I am an open research coordinator whose expertise lies in the evolution of animal behaviour.
I am a fervent advocate of methods that increase the reliability, reproducibility, and overall credibility of science, and because of this I became the first reproducible research coordinator at the University of Oxford!
During my past research, I have been particularly intrigued with individual variation, especially in the context of mate choice. For instance, I investigated how female individual sensory biases shape their mate choice decisions, and ultimately the diversity of phenotypes we observe. I am experienced with designing rigorous behavioral experiments, as well as with extracting data from long-term data sets collected on wild populations.
As the Reproducible Research Oxford Coordinator, I coordinate and/or organise events or grassroots initiatives that promote open and reproducible research, I design and deliver lectures and workshops on open research practices, and I engage our community through various activities and communications. I also liaise with relevant local and national stakeholders to inform the design of training and policy.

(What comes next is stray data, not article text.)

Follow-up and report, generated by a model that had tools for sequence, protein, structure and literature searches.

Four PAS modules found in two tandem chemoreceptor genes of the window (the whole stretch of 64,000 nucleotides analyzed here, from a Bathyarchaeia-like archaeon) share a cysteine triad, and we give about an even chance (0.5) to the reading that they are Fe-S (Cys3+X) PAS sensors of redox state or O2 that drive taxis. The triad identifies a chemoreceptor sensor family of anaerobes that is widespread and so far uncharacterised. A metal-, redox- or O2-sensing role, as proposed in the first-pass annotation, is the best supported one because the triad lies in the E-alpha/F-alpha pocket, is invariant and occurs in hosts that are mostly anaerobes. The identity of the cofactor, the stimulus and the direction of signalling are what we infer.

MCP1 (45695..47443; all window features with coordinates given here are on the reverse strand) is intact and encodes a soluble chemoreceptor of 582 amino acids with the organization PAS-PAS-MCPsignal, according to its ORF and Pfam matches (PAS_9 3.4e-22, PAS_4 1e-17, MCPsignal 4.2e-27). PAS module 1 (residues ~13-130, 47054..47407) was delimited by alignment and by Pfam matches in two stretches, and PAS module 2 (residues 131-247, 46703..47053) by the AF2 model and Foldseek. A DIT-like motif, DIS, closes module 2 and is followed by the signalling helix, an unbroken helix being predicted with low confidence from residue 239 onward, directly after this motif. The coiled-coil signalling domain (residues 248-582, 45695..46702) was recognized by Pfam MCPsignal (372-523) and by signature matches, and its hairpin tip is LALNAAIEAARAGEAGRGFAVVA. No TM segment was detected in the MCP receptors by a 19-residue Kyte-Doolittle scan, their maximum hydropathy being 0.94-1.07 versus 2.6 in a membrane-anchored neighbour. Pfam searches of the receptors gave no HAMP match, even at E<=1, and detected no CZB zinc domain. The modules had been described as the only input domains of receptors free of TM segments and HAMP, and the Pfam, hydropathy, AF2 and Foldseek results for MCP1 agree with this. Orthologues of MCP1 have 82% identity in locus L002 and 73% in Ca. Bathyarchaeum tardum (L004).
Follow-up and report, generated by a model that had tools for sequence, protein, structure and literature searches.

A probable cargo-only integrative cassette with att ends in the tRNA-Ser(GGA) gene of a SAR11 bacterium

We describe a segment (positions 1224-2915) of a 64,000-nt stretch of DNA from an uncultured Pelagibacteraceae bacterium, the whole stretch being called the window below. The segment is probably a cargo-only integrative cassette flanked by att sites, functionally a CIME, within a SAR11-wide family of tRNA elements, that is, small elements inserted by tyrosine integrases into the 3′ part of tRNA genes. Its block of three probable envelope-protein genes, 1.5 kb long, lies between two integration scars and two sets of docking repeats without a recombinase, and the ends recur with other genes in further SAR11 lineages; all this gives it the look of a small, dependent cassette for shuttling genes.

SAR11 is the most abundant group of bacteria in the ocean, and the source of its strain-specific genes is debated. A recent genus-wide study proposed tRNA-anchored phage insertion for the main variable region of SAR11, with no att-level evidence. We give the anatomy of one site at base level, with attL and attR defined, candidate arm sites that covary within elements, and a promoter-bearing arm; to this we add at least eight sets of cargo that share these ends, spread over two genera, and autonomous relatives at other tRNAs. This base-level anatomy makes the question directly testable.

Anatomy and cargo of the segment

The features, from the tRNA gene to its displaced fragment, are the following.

I also co-founded the Society for Open Reliable and Transparent Ecology and Evolutionary biology for which I am a current executive committee member.
Ihle M, Winney IS, Krystalli A & Croucher M. 2017. Striving for transparent and credible research: practical guidelines for behavioral ecologists. Invited Idea – Behavioral Ecology.
Ihle M, Kempenaers B, Forstmeier W. 2015. Fitness benefits of mate choice for compatibility in a socially monogamous species. PLoS Biology
I wish to contribute my research, management, and teaching skills to the rigor and openness of science, and/or to biodiversity conservation.